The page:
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Earth Day's origins start with Wisconsin Sen. Gaylord Nelson, who was inspired to organize the event after the Jan. 28, 1969 Santa Barbara oil spill. More than three million gallons of oil spilled into the Santa Barbara Channel in the Pacific Ocean, killing more than 10,000 animals. Nelson enlisted Stanford University graduate Denis Hayes to assist in coordinating and organizing the event.
The first Earth Day was held April 22, 1970. The New York Times estimated the gather in in New York City had crowds of 20,000 people and more than 100,000 over the course of the day. Since New York City was home of most television networks and several large publications, coverage of Earth Day was spread nationally.
Across the country, approximately 2,000 colleges and universities and approximately 10,000 schools participated in the first Earth Day, according to the Environmental Protection Agency. The first Earth Day was said to bring 20 million Americans together, pressuring the United States to prioritize environmental issues.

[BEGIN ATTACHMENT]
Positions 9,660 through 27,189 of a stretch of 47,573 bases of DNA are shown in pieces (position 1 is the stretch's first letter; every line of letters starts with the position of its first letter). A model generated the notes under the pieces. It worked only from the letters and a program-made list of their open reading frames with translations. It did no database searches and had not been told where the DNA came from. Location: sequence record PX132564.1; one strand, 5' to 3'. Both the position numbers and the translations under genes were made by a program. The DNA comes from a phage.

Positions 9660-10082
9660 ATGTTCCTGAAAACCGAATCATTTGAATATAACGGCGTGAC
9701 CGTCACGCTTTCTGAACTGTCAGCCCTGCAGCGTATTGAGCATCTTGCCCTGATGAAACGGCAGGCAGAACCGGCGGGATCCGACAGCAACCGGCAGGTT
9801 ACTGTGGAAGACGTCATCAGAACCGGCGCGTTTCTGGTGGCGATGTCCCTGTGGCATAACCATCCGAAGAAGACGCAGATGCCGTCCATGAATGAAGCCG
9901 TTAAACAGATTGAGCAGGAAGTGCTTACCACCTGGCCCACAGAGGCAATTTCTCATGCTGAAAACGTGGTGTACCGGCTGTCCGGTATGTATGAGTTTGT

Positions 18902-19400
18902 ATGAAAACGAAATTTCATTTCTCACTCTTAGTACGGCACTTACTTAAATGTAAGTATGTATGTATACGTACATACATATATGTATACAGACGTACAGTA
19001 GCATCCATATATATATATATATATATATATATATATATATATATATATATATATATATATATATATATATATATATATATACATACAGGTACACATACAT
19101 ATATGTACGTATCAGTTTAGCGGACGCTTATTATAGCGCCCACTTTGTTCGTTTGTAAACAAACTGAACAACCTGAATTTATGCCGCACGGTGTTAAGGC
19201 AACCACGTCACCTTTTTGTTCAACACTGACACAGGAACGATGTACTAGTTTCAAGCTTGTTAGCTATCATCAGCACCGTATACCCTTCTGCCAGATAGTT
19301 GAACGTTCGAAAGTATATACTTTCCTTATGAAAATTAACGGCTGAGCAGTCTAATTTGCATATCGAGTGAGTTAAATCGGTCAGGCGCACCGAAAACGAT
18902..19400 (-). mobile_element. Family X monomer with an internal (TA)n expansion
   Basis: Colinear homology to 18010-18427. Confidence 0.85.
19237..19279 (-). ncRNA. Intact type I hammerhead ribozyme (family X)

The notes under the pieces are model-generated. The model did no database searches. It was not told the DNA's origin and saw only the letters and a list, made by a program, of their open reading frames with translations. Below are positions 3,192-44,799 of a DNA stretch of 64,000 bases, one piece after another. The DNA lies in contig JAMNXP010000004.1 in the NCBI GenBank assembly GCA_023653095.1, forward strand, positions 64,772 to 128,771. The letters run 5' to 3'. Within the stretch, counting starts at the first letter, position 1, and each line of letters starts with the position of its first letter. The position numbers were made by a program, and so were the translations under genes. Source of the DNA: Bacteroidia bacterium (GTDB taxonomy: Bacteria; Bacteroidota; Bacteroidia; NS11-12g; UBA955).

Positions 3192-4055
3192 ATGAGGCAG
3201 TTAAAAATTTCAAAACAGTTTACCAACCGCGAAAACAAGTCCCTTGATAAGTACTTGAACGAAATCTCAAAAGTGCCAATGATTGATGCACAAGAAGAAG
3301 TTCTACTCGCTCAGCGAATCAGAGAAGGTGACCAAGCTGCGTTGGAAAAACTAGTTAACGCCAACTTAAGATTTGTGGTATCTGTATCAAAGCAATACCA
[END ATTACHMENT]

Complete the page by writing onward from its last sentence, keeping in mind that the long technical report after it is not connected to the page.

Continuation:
"My primary objective in planning Earth Day was to show the political leadership of the nation that there was broad and deep support for the environmental movement," Nelson said in 1980. "While I was confident that a nationwide peaceful demonstration of concern would be impressive, I was not quite prepared for the overwhelming response that occurred on that day."
The first Earth Day's success didn't take President Richard Nixon by surprise, having representatives around the country at events. On July 9, 1970, Nixon proposed consolidating the environmental responsibilities of the U.S. government into one agency, the EPA.
In the nearly 50 years since its inception, Earth Day continues to influence the environment on both local and international scales.
In 1995, Nelson was awarded the Presidential Medal of Freedom in recognition of his environmental work. He passed away in 2005 at the age of 89.
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Since 1970, Earth Day celebrations have grown. In 1990, Earth Day went global, with 200 million people in over 140 nations participating, according to the Earth Day Network (EDN), a nonprofit organization that coordinates Earth Day activities. In 2000, Earth Day focused on clean energy and involved hundreds of millions of people in 184 countries and 5,000 environmental groups, according to EDN. Activities ranged from a traveling, talking drum chain in Gabon, Africa, to a gathering of hundreds of thousands of people at the National Mall in Washington, D.C. Today, the Earth Day Network collaborates with more than 17,000 partners and organizations in 174 countries. According to EDN, more than 1 billion people are involved in Earth Day activities, making it “the largest secular civic event in the world.”